Gooch said more than a dozen committees had studied the problem this summer and had come up with a report that incorporates 26 recommendations. That report is ready and is now posted on the state’s website.

The problem, he said, is that companies will only invest hundreds of millions of dollars where they can expect a reasonable return on their investment and that is in the urban and suburban areas.

“In order for rural areas to continue to prosper, we’ve got to find ways to incentivize those investments whether it’s through tax credits, grants or federal programs. We’re going to take a strong look at those 26 recommendations and begin to draft legislation. We won’t be in a pass hurry to pass something in the first three weeks of the session. We’re going to take some time and be deliberative about it.”

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UNG shuts out California (PA) IN NFCA Leadoff Classic Finale

University of North Georgia

LUMPKIN, GA

According to the University of North Georgia Athletics Department, UNG junior, Bria Bush, shutout 4.1 innings of softball as the No. 3 UNG team finished of the NFCA Leadoff Classic with a 6-0 win over the California University of Pennsylvania on Sunday.

Photo courtesy of UNG Athletics

UNG landed three runs during the third inning. UNG freshman, Hobby Gregory, scored before teammate, Alishia Frierson, plated Kaylee Womack on an RBI single, just two pitches later, putting UNG up 2-0.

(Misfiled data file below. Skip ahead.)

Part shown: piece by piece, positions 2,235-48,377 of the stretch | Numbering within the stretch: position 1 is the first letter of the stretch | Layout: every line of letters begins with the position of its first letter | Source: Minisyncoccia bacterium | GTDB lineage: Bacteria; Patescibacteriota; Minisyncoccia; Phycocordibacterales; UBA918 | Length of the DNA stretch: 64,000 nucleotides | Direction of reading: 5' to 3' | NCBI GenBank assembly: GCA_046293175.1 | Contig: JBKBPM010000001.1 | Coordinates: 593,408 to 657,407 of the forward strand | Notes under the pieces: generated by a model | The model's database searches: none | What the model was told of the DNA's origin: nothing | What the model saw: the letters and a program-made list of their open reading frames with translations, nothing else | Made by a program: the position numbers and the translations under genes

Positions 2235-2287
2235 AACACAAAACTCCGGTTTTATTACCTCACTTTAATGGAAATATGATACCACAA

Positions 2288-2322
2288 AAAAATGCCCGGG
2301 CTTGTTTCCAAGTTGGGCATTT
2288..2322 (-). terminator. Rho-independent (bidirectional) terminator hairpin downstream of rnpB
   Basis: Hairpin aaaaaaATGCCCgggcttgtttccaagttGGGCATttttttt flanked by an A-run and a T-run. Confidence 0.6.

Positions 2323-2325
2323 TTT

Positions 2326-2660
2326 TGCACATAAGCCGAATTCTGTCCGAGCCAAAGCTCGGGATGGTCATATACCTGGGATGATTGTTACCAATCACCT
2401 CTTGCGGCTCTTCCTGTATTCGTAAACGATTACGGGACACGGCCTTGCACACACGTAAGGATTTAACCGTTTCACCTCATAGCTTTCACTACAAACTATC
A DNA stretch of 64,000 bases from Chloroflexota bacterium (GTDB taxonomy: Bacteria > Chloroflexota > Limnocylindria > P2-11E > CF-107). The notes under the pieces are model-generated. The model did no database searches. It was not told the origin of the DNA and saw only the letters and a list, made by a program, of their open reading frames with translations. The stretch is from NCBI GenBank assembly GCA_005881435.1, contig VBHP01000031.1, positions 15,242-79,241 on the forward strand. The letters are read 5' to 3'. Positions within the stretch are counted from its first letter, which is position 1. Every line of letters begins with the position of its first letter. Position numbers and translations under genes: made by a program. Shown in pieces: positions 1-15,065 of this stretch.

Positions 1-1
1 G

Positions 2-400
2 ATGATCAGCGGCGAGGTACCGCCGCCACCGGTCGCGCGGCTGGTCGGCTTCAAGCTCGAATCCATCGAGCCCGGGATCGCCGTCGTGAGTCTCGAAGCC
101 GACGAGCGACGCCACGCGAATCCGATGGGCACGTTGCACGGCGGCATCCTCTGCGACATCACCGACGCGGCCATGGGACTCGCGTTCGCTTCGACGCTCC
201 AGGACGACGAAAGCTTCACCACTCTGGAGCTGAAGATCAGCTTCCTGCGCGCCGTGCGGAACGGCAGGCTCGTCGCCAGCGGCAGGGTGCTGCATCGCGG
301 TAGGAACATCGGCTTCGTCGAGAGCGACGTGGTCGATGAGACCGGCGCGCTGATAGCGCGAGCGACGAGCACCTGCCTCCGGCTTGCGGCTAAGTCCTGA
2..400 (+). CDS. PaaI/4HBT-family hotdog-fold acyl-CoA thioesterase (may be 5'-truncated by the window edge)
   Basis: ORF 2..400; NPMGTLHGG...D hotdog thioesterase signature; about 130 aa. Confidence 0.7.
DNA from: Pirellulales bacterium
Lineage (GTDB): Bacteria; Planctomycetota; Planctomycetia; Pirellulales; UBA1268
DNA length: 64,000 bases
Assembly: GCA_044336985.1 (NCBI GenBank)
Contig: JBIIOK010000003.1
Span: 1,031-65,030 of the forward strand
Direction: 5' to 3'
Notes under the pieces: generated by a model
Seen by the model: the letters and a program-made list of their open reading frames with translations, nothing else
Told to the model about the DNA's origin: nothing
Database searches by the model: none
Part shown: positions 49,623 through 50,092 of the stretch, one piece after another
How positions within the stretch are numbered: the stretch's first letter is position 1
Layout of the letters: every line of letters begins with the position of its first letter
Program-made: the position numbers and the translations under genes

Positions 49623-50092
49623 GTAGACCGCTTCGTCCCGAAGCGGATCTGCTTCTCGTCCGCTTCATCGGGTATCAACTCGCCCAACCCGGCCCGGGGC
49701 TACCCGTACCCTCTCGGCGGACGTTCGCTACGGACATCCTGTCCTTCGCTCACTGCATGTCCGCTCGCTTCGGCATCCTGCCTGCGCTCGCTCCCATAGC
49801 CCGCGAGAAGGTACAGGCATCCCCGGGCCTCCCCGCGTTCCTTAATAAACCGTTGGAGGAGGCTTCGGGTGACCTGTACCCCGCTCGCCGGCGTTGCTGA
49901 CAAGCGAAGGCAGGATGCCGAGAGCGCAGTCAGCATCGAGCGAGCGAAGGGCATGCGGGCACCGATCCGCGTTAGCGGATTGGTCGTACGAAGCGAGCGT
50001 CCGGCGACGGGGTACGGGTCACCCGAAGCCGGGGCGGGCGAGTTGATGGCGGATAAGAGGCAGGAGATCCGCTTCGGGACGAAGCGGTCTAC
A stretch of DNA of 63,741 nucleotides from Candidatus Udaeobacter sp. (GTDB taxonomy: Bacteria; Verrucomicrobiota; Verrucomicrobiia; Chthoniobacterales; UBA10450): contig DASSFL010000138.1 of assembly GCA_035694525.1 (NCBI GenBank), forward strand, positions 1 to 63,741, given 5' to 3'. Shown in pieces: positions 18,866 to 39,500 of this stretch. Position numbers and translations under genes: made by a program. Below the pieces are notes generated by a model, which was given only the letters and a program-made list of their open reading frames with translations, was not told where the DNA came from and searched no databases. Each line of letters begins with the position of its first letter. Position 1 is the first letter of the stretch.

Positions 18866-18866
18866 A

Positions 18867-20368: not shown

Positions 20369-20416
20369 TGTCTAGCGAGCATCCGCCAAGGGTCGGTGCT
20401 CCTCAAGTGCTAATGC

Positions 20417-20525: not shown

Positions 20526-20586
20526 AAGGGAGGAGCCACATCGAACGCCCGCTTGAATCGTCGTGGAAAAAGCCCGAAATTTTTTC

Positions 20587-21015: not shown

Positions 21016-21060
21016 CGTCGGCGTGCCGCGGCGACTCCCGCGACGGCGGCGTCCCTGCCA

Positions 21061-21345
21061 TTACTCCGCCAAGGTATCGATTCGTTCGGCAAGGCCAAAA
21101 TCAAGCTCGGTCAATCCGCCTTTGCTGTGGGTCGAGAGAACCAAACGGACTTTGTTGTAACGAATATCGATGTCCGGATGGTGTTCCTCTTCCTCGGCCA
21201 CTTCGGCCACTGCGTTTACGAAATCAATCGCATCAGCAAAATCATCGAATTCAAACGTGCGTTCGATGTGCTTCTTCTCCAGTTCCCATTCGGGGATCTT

Womack brought home another run in the fifth, plating sophomore, Kaylin Anthony, on a sacrifice fly that took the lead to 4-0. Freshman, Olivia Sinquefield, was responsible for the final two runs of the game, tripling in the sixth to score Kelly Kahlert, scoring herself on a Vulcan error.
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UNG sophomore named PBC pitcher of the week

UNG Baseball

 

LUMPKIN, GA

According to the University of North Georgia Athletics Department, UNG sophomore, Nick Clarno, was named the Peach Belt Conference Player of the Week on Tuesday afternoon. The announcement came after Clarno hit a homerun all three games against Palm Beach Atlantic. 

Photo courtesy of UNG Athletics


Clarno his .455 against Palm Beach Atlantic over the weekend, driving in six runs as the Nighthawks ran their record to 6-0. Clarno had a 1.364 batting percentage, and he opened with a solo shot in the first game before going for 2-for-4 in the second and third games. He also added a double during the finale, scoring a total of four runs and striking out only once in 11 at-bats. 

Clarno leads the PBC in slugging percentage, is tied for second in home runs and is seventh in total bases. This is his first weekly honor of his career.

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Smith named PBC pitcher of the week